Minister of basic education, Angie Motshekga, said her department is on course to complete the remaining 2020 academic year even though the Covid 19 pandemic has negatively impacted its plans.
Motshekga briefed the nation since the country moved to alert level 1 and four months after the phased-in school re-opening in August. She said the significant decline in the Covid 19 infections in the country is encouraging as this means schools will also have fewer outbreaks.
“As a sector we are proceeding well under very serious conditions. We are grateful to our teachers and staff who have shown dedication to ensure our education system returns to some semblance of normality,” said Motshekga. She said they have revised their standard operating procedures to ensure schools are always ready to deal with any infections.
Motshekga said the pandemic has forced schools to adopt rotation system where they use a staggered teaching approach with learners coming to schools on certain dedicated days. “This made it difficult for us to run our schools but we were forced by the prevailing [coronavirus] conditions and have to prioritise health safety of our learners and staff,” Motshekga said.
The minister said she is worried about the dropouts as more learners have still not reported back to school after school re-opened. Said Motshekga: “We are however concerned that there is still a number of learners who have not yet returned to school and we cannot account for them. We have requested their schools to follow up with them. We have also been monitoring the return to school by checking attendance register,” said Motshekga.
She said during her recent random school visits she discovered that most of them reported a learner attendance of between 80% and 90%. Although this is encouraging, she said, this also means there is still a great number of learners who are still out there. We want all of them back at school and we are appealing to parents to assist us to get them back, added Motshekga.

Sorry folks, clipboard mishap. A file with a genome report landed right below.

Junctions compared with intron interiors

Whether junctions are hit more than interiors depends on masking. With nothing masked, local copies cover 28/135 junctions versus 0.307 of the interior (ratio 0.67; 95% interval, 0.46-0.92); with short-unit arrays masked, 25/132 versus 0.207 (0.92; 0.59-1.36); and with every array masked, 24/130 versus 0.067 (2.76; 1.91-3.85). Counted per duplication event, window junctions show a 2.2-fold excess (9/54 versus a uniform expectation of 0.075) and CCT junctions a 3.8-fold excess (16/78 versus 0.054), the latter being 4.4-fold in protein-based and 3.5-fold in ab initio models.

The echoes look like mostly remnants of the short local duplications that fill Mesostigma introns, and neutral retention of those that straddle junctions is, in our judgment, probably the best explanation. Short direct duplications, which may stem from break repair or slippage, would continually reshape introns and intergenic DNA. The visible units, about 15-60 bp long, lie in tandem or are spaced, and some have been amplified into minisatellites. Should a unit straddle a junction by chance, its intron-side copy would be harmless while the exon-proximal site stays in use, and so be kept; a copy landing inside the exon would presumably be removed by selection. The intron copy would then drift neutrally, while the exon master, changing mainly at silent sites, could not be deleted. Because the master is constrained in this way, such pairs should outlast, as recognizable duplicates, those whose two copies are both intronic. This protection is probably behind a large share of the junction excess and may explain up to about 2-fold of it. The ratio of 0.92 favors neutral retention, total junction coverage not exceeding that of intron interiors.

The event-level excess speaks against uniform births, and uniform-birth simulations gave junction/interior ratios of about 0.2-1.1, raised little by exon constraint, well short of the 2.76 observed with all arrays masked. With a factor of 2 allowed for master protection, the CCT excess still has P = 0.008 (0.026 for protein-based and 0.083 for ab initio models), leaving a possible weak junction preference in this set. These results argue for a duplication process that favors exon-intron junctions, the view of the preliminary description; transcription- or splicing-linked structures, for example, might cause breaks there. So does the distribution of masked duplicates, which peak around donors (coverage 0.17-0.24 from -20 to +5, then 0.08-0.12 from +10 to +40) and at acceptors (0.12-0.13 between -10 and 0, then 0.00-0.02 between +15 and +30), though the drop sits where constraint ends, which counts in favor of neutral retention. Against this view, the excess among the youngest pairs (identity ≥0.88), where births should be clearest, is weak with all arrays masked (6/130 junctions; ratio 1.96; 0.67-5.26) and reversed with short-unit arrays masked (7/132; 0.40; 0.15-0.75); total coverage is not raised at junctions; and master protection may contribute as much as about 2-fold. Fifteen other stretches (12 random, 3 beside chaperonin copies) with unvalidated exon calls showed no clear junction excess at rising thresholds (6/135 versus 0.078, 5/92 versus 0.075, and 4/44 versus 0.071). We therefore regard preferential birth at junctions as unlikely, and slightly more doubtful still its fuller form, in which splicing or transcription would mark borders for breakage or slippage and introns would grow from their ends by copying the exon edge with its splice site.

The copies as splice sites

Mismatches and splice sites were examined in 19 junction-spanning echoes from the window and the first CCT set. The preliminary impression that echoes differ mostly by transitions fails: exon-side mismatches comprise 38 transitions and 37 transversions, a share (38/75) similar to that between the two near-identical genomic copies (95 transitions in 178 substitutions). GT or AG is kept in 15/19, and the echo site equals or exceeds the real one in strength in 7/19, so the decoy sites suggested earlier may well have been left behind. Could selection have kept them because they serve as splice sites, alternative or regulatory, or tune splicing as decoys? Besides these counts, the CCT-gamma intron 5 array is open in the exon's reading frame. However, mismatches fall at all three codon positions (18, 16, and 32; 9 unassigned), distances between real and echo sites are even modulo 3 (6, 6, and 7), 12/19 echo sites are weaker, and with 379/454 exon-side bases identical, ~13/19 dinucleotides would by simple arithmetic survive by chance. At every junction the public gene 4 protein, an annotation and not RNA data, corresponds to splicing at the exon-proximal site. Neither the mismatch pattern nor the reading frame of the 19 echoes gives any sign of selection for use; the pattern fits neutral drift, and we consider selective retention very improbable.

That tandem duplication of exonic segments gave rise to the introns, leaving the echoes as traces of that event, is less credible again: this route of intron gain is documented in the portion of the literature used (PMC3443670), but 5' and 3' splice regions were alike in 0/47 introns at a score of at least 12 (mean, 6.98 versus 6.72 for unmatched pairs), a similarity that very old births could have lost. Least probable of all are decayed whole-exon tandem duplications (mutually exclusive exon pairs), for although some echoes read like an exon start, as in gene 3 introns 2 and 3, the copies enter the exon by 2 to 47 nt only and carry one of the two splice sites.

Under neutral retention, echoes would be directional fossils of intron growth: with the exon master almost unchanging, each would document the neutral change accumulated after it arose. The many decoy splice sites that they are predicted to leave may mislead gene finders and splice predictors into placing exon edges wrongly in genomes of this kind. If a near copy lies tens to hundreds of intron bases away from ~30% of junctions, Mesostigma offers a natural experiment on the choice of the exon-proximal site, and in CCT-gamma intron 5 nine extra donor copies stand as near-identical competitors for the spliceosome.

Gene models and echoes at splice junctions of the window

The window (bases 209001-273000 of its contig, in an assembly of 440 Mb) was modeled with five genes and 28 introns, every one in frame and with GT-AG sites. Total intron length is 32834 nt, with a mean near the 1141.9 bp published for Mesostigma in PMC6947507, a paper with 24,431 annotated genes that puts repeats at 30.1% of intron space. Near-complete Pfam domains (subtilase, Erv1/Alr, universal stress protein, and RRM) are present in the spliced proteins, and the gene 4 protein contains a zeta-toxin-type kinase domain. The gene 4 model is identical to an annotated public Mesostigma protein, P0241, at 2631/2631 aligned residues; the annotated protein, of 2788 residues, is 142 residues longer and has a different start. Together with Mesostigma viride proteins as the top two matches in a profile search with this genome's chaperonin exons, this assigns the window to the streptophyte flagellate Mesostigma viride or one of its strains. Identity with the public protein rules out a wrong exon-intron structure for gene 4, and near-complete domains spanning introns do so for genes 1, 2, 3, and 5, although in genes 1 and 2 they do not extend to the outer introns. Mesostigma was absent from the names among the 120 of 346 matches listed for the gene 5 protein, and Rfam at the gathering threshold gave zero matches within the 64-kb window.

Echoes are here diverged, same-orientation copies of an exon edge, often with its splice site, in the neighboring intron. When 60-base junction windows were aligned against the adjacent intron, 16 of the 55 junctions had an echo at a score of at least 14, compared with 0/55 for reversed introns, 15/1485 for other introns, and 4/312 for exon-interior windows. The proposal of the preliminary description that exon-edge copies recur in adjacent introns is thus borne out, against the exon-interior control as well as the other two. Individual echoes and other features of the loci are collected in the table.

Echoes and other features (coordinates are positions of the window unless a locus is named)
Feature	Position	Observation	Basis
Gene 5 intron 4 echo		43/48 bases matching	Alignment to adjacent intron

She also raised concerns about the rising delinquency among learners, saying the platooning system has also, in some instances, created spaces for it. “The platooning system increases the risk of them losing interest and forget critical curriculum topics already covered at school,” Motshekga said.
She said the difficulty they are experiencing with time-tabling will be “with us for the remainder of the year as we continue to balance teaching and learning while also saving lives”. She said one of the programmes they suggest parents should adopt to keep their children meaningfully occupied is the “Read to Lead Campaign”. Through this, parents and communities can organise activities to teach children how to read, she explained.
Motshekga said the reading campaign is critical as it will keep the children busy and away from the streets particularly on days when they are not attending classes.
On Grade 12 learners, who will write their final examination in the first week of November, the minister said provinces have adopted a range of support measures to assist them. These include weekend and extra classes.
She said another intervention is a ‘Woza Matric’, catch up initiative spearheaded by the National Education Collaboration Trust in partnership with NGOs, academics and the private sector. Motshekga expressed gratitude to teachers with comorbidities who returned to school after the special concession expired when the country moved to alert level 1.
She assured them that health and safety measures are firmly in place and everyone is expected to observe them as “we work to complete the 2020 academic year which has been trimmed down during the year”.
Motshekga said her department will be gazetting new direction regarding when school can resume the non-contact physical activities. She said once promulgated these will be subjected to strict precautionary health measures to limit the transmission of the virus in schools. She also touched on school nutrition programme as well as bullying and violence among learners at school.
On the national school nutrition programme, Motshekga said “we had huge challenges because before alert level 1 we were forced to feed all the learners even though they were not at school”. She said initially the numbers were low but with the easing of the regulations and as schools re-opened, the number of learners receiving meals is also improving. “The re-opening of schools has helped to ensure more learners receive their much needed meals,” said Motshekga.
She said she was disturbed by the increasing reports of bullying and violence in schools across the country. “It is quite disturbing to notice high rate of violence among the learners. I call all the school community to deal with their challenges and resolve their differences in a peaceful manner,” she said.
The minister said they are reviving ‘school safety management structures’ including ‘Quality Learning and Teaching Campaign’ and are working with school governing bodies to address bullying and violence at schools.